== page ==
Yes, my dears.
‘LOST’ Finale Explained By Evangeline Lilly More Than Eight Years After It Aired Posted on Wednesday, September 5th, 2018 by Ben Pearson The last episode of LOST aired on ABC on May 23, 2010. - and that Aaron was likely born on the Island without incident because Claire was already far enough along in her pregnancy before coming to the Island (just like Jacob and the Man In Black's mother). Lost Ending EXPLAINED. ("What? There were official plans for a volcano hell scene. Lost left a lot of viewers dumbfounded. I'm bullshitting … You may be able to find more information about this and similar content at piano.io, Jon Stewart is Getting Back Behind the Desk, Rudy Giuliani's Scene in Borat 2 is Pretty Damning, Brad Pitt Has Endorsed Joe Biden For President, The Stars of Barbarians Are Famous German Actors. These "shifts" and Widmore's explanation that Desmond is special because of his resistance to the Island's energies, imply that Desmond would even be able to "shift" his consciousness back and forth between this universe and the purgatory one, catalyzed by Widmore's team placing him in that huge electromagnetic machine in the season six episode, "Happily Ever After". This is the reason why the MIB was obsessed with "finding a loophole" in order to kill Jacob; it's also why Jack was ultimately able to kill the MIB. 0. Comment [Update: We've added even more Lost explanations!] (For the record, I still love it.). And even with all its stumbles, Lost couldn't have ended any other way. Desmond introduces this concept that we all have "constants" that ground us to our reality.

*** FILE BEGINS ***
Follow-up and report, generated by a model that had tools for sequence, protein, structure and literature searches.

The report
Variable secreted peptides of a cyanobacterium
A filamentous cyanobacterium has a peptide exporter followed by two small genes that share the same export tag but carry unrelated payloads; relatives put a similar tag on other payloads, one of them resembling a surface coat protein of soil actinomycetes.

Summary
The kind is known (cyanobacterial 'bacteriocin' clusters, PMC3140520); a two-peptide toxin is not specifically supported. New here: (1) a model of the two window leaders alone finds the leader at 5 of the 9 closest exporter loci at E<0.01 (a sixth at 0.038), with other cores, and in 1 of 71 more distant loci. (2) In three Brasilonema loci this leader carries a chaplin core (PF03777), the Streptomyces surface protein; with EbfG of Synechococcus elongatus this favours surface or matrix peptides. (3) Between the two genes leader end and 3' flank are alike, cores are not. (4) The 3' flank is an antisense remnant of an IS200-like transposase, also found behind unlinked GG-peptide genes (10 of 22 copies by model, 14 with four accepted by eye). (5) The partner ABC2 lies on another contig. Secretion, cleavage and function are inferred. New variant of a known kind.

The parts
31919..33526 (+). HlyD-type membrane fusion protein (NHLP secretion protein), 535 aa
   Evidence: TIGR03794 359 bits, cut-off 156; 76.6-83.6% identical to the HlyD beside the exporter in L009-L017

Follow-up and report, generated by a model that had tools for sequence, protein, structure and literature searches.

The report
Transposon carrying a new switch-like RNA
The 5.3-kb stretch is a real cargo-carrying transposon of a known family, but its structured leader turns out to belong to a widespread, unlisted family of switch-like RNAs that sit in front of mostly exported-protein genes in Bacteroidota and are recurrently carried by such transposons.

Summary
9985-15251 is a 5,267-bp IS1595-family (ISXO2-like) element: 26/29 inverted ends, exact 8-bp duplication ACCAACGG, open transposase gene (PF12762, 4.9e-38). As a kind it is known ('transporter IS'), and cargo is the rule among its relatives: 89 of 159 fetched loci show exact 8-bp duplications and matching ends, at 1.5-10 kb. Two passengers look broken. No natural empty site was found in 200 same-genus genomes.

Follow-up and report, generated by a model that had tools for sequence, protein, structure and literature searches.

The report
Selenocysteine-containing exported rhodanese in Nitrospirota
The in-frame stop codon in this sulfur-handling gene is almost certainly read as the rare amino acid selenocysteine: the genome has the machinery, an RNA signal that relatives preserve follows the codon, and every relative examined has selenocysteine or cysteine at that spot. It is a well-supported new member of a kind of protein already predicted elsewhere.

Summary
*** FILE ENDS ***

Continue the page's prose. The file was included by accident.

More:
And if that's not how you watched it, sure, I can see the point.